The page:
Fasting Mimicking Diet Looks Pretty Good

post by sarahconstantin · 2018-10-04T19:50:00.695Z · score: 79 (30 votes) · LW · GW · 4 comments

Epistemic status: pretty much factual.

CW: diets, calories

One of the odd things about working on longevity is that now people ask me for lifestyle advice.

Or they ask me what I, personally do to live longer.

Mostly my response has been a lame “um, nothing?”

There are, as of now, no interventions shown to make humans live longer or slow or reverse the human aging process. And, of the interventions reported to make animals live longer, many are doubtful, and many are too risky or unpleasant to make the cost-benefit tradeoff look good for healthy people.

Also, as a personal matter, I’m just not very interested in my own “lifestyle optimization” for the most part. My motivation is about helping people, not especially staving off death for myself; I think I’m more mentally prepared for death than most people my age. Certainly I’ve thought about it more concretely. (BTW, if you too like to know all the gory and technical details about how people die, this blog by an ICU nurse is gold.)

And “lifestyle optimization” turns out to be heavily about diet and exercise, and…I confess, diet culture really creeps me out.  Not at all my thing.

That said, there is a lifestyle intervention that seems pretty evidence-based and also pretty low on risk and inconvenience: the Fasting Mimicking Diet, developed by Valter Longo of USC.

It’s actually been tested in a clinical trial on 100 healthy participants, where it improved a bunch of biomarkers related to aging and disease (reduced IGF and blood pressure, though no change in glucose, triglycerides, cholesterol, or CRP.)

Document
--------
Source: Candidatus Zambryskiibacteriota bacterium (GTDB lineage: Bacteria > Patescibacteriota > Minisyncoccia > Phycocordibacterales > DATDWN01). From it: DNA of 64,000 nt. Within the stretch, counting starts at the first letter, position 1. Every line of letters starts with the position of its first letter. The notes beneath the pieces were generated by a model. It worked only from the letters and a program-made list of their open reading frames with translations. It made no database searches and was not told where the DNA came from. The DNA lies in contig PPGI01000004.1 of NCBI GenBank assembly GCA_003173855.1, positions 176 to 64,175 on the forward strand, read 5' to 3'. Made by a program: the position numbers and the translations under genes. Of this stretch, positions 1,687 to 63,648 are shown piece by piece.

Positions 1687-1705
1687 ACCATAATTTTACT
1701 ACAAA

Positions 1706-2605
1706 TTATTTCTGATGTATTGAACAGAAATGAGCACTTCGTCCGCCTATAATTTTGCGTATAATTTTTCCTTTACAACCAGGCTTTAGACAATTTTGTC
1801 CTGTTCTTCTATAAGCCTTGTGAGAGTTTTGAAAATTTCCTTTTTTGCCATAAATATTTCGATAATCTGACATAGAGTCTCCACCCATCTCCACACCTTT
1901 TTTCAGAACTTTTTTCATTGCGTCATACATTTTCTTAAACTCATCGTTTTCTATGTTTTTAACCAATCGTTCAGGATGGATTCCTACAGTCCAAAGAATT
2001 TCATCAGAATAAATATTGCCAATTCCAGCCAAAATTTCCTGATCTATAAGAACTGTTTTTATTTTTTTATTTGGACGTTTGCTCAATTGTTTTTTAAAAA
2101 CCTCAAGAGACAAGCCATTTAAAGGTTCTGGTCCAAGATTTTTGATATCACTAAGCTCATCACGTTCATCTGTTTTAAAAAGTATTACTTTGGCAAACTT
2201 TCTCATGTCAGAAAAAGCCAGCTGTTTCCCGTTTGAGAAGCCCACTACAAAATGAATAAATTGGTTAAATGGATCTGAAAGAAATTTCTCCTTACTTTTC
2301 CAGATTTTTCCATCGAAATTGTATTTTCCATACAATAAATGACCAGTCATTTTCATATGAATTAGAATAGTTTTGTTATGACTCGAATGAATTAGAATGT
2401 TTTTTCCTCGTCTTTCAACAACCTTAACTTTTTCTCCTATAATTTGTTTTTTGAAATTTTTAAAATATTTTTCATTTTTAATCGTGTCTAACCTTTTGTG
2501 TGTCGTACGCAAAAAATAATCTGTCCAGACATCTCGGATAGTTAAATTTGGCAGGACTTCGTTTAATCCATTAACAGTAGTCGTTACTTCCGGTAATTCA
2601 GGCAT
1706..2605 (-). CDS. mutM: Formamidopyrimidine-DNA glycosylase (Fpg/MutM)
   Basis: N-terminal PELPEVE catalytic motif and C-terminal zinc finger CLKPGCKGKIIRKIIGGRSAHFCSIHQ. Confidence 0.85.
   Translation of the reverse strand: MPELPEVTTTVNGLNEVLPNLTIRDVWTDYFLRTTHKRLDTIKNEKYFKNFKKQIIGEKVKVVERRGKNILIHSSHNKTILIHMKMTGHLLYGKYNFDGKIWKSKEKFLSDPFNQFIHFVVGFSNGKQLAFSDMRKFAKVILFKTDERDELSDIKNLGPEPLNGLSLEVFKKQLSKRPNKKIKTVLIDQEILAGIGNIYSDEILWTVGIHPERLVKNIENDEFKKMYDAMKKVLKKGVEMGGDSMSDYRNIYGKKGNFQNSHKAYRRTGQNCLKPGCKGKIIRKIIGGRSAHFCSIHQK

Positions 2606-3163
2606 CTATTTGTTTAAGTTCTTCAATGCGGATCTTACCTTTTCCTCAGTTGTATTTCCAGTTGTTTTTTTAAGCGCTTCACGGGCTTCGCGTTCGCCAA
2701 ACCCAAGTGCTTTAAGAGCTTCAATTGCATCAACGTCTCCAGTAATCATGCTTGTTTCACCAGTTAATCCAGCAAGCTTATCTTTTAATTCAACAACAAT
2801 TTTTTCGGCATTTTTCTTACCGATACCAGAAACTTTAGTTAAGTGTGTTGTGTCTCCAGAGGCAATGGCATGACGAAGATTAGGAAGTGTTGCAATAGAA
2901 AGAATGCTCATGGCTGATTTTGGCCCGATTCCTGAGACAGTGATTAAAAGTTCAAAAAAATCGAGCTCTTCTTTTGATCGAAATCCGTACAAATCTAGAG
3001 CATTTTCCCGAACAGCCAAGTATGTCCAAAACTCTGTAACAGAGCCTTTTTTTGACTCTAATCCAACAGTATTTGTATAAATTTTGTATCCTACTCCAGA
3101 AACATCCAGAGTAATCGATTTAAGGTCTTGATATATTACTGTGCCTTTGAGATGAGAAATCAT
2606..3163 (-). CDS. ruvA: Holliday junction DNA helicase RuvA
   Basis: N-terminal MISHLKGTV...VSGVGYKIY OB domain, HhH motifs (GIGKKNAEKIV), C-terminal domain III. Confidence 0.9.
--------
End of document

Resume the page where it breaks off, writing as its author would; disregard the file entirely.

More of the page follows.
The really good results are in mice, where it rescues both Type I and Type II diabetes as well as a mouse model of MS, reduces tumors by 45% and dermatitis by 50%, increases mesenchymal stem cells by 45x, improves motor and cognitive performance, and results in an 11% lifespan extension.

So, what is the FMD?

It’s a 5-day low-calorie, low-carb, low-protein diet, followed by a period of eating however you would by default.

Caloric restriction (reducing calorie intake about 1/3 from baseline or ad-lib) is probably the most replicated lifespan- and healthspan-extending intervention in animals. It’s about 30-40% life extension in mice and rats.  In monkeys, it extends lifespan little if at all, but delays age-related disease and hair loss.  However, the side effects are nontrivial — humans on CR experience weakness, lethargy, depression, muscle wasting, and neurological deficits. (Undereating also stunts growth in children and adolescents, and underweight in women causes infertility, miscarriage, and preterm birth.)

Mice seem to get most of the benefits of CR, including an equally extended lifespan, from an isocaloric but low-protein or low-methionine diet. Low-protein diets are safe for humans and might not be as damaging to quality of life, but they do definitely inhibit physical fitness/performance.

Alternate-day fasting in mice has a bunch of benefits,  including lifespan extension of 10-30% depending on mouse strain, as well as reduction in cancer incidence, and lower levels of neural damage in mouse models of Alzheimer’s, Huntington’s, Parkinson’s, and acute brain injury.  In a randomized controlled trial in humans, alternate-day fasting caused weight loss but no improvement in metabolic/cardiovascular parameters.

The FMD seems like the least amount of dietary restriction that is still known to cause life extension. 5 days/month of low calorie intake isn’t that big a commitment.

Valter Longo sells patented packaged foods for the FMD, but they’re pricey ($300 for five days).

What I find more aesthetic, and cheaper, is an adapted version, which I’m trying now:

For the first five weekdays of every month, eat nothing but (non-potato) vegetables, cooked in fat if desired.  The rest of the time, eat whatever you want.

It’s low-calorie and low-protein while containing vitamins, but it skips the calorie-counting and allows you to actually cook tasty food.